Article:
- Full name Brant Allen Rustich
- Born 01/23/1985 in San Diego, CA
- Profile Ht.: 6'6" / Wt.: 230 / Bats: R / Throws: R
- School UCLA
Drafted in the 2nd round (93rd overall) by the New York Mets in 2007 (signed for $373,500).
View Draft ReportUCLA's up-and-down season mirrored somewhat that of closer Brant Rustich, whose season has been mostly down as his performance lags significantly behind his tools. A physical beast at a listed 6-foot-6, 220 pounds, at times Rustich has three above-average pitches in his 93-96 mph fastball, power slider (at times touching 87 mph) and split-finger fastball. He's still bothered by a finger injury that caused him to redshirt last season, and his command is nearly nonexistent. In terms of stuff, he's a first-round talent, but his lack of pitchability makes him a 22-year-old with a 6.10 career ERA and 75 walks in 124 innings.
Organization Prospect Rankings
The Mets invested $373,500 in Rustich, their second-round pick, even after a tough redshirt junior year at UCLA in which he lost his job as closer. Prior to that 2007 season, he had surgery to repair a ruptured tendon in the middle finger of his pitching hand. Two and a half pro seasons later, Rustich hasn't been able to shake the injury bug. He continued to succeed on the mound in 2009, but he also continued to be undermined by a stress fracture in his humerus bone. Pitching with pain, he has a 2.77 career ERA in three pro seasons but has been limited to just 120 innings. He was sidelined twice last summer before being shut down in late August. The Mets hope that new medication will allow the bone to finally heal. Even with his physical problems, Rustich showed two power pitches in his 91-97 mph fastball and a slider that's his signature pitch. Though his delivery can get a little mechanical, he has good fastball command. He has dabbled as a starter in the last two seasons, but Rustich's future is as a set-up man. If he can put his health issues behind him, he'll begin 2010 in Double-A.
A susceptibility to injury and questions about toughness caused Rustich to cultivate critics within the organization. The former UCLA closer had a chance to impress in big league camp in 2008, but arm soreness resulted in him sitting out. The Mets, disappointed with Rustich's lack of tenacity, sent him to low Class A to begin the season once he was declared healthy. He pitched poorly in the first half but finally showed improvement after moving to the rotation, posting a 3.03 ERA in that role (4.76 in relief ). Rustich ranges from 91-96 mph with his fastball and has the potential for an above-average slider to go along with a changeup that has flashed plus potential. With Mets special assistant Sandy Johnson watching one game at Savannah, Rustich dominated with five no-hit innings and possessed an unhittable breaking ball. Scouts say that early in the season, that quality of stuff was not there, with a stiff arm action. Mets officials hope he'll grow out of the injury susceptibility, as Johnson once watched Robb Nen and Darren Oliver do in the minors with Texas. Rustich is currently considered a thrower without feel. The Mets haven't yet resolved whether Rustich will be a starter or reliever, but he'll be 24 this year and still will be ticketed for A-ball. He has better stuff than fellow 2007 draftees Antonini, Gee and Owen but lacks their durability and feel for pitching.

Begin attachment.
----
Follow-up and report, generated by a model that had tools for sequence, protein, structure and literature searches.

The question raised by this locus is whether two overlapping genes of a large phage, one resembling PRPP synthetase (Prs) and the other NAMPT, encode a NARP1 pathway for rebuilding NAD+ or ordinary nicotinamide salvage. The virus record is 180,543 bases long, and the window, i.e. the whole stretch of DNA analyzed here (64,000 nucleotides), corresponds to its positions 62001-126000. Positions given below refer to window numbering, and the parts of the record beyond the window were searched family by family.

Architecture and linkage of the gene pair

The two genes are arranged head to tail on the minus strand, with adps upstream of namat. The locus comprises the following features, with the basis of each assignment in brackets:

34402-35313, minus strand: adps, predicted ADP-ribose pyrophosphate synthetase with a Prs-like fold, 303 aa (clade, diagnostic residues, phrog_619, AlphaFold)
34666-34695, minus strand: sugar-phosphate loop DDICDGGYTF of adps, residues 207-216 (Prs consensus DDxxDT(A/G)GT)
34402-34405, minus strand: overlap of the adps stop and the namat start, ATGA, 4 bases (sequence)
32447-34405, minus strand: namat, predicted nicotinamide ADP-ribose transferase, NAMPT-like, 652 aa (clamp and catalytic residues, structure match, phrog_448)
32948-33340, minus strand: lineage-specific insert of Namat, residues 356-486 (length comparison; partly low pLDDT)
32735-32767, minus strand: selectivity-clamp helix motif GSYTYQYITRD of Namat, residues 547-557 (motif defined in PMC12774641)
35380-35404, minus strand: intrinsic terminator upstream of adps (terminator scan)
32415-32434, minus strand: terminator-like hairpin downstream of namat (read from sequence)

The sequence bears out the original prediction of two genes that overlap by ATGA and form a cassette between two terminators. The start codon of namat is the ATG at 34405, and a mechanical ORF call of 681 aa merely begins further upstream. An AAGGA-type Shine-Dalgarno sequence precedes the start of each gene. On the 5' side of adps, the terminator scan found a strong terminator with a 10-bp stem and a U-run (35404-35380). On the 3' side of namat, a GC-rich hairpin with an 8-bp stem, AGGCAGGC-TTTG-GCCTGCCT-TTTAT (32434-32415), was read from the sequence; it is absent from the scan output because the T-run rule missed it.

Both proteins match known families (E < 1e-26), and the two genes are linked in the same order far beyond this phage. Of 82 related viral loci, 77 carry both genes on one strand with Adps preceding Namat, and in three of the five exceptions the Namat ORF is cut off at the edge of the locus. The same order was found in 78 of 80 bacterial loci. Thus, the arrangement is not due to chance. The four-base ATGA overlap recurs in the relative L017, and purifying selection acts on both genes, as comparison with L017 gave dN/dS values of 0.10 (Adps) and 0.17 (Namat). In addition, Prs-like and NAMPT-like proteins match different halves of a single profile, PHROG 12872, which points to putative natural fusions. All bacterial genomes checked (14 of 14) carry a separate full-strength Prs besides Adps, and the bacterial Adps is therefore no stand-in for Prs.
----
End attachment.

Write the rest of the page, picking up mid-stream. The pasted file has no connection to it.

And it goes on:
Rustich dominated in the Cape Cod League in 2005 and got off to a tremendous start at UCLA the following spring, but then he ruptured a tendon in the middle finger on his pitching hand. Following surgery, he struggled as a redshirt junior and lost the Bruins' closer job in 2007. New York drafted him in the second round and landed him for $373,500. Healthy in pro ball, Rustich showed a premium fastball, sitting from 93-97 mph with late life. He pitches inside to righthanders and uses his size well, throwing downhill with his fastball and an 84-87 mph power slider with tilt. His changeup shows flashes of being an average pitch. Control was a huge problem before and after his finger injury, but Rustich threw strikes as a pro as he used his fastball more. His delivery can get out of whack easily. His splitter was a plus pitch before he got hurt, but he hasn't thrown it much since the injury. His slider can be inconsistent. Rustich has enough stuff to start, but the Mets most likely will have him join Eddie Kunz on the fast track as a reliever. Rustich could jump to Double-A in 2008.
Minor League Top Prospects
Rustich and fellow Cyclone reliever Eddie Kunz both entered the spring as closers on Pacific-10 Conference contenders, and both lost the confidence of their coaches by the end of the season thanks to shaky command. Still, the Mets drafted both in the first two rounds based on flashes of brilliance, and Rustich showed much more progress in his pro debut than Kunz. Rustich can run his fastball up into the mid-90s, and his hard-breaking, mid-80s slider can be impossible for hitters to lay off when they're behind in the count. His changeup also can be an above-average pitch at times, but he hasn't yet developed enough confidence in either offering to throw them unless he's ahead in the count. He could emerge as a closer if he can avoid blowups and continue to refine his overall command.
Best Tools List
- Rated Best Slider in the New York Mets in 2010
- Rated Best Slider in the New York Mets in 2009
- Rated Best Fastball in the New York Mets in 2008